Archive for category: Musings

Changing Culture

European culture is changing rapidly these days, and the expansion is contributing to a new Europe that is more diverse.

Today, commonly held values of European democratic countries, are encouraging new arrivals from the Middle East, the Balkans and North Africa to join and become a part of a smaller world.

As with the Algerian immigrants who came into France after the Second World War, the new arrivals are bringing with them a culture that will challenge Europe.

The original Algerian immigrants who arrived in France though the 1950’s and 60’s may or may not have assimilated well into French culture but I would suggest that their children are French.

An example of how these two cultures have combined is evidenced in the language, as we see the mixture of Arabic with French, first as slang and now as commonly known terms.

The challenges that have become evident in this developing culture, I believe originate from the differences in education and theology, with the language barrier as a catalyst.

In many cases new arrivals will congregate in neighbourhoods with others from their home countries, forming exclusively immigrant zones with limited education and employment opportunities all contributing to feelings of non-acceptance by the indigenous population. [1]

Unlike the previous immigrants to France, in the middle of the 1900’s, the segregation of more recent arrivals has contributed to a new generation of young people who do not identify with the values of the European countries in which they were born. [2]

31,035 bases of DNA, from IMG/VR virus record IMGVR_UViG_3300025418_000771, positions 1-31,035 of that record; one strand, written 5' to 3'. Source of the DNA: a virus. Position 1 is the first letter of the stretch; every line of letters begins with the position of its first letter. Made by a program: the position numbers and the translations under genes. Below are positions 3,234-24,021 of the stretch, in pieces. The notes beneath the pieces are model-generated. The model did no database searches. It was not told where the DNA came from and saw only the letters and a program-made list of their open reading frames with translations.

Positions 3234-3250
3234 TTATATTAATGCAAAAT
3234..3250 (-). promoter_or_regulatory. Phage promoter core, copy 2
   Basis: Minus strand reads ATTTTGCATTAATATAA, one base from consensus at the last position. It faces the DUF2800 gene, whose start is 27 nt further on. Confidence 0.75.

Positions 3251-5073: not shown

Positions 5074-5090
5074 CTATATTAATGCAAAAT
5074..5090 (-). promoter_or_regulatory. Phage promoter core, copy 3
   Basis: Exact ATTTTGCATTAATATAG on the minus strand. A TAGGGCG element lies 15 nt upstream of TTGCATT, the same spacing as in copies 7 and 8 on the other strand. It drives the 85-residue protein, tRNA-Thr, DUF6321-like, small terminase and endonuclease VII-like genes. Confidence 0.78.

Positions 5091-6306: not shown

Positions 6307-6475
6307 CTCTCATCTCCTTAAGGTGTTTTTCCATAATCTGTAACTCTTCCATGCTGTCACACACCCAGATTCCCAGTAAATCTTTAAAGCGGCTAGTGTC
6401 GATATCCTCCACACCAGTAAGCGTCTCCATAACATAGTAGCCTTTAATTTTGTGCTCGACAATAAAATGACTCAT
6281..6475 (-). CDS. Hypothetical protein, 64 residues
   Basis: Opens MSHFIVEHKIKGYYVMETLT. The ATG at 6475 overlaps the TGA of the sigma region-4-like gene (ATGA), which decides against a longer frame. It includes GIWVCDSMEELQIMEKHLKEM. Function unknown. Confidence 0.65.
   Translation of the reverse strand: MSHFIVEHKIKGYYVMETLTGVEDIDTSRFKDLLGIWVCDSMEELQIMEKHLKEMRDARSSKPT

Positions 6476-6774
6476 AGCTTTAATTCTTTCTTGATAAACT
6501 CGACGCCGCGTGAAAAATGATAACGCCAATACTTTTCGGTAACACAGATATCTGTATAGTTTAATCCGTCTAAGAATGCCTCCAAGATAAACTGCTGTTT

As the world gets smaller we will need to achieve a peaceful ideological amalgamation where theologies can live side by side in mutual respect.

In Abu Dhabi recent UAE legislation established religious freedom allowing for a new Hindu temple to be built, a first in the region. [3]

How quickly can we change with our new world?

Freedom of speech and the rights of women are fundamental to our world.

A young man arriving from Pakistan spoke into the camera on the news, he said that he just did not want to fight somebody else’s war.

Will it be possible to keep radicalism away from our shores?

By Blake and Boky

  1. Disentangling neighbourhood problems: area-based interventions in Western
    European cities. By Wouter P. C. van Gent. University of Amsterdam, Institute for Metropolitan and International Developmental Studies
  2. ibid.

Fragments and the EU Migrant Crisis

As Europe rides the waves of economic volatility, 120,000 refugees are in motion, seeking for a better life or even perhaps just the possibility of one.

Wherever we look there is desperation.

The frustration of having gone through so much, just to get to Europe and find closed borders has understandably resulted in violence at times.

Language barriers, xenophobic attitudes and the potential dangers of welcoming terrorists into their countries have resulted in considerable unrest.

There is the refugee running for his life, and then there is the economic immigrant who seeks an easier life for his family.

Can the European economy sustain such an influx of people?

With the best of intentions, country after country has been pushed to its limit; even Sweden has found their system stressed, as disappointed Syrians continue north to Finland.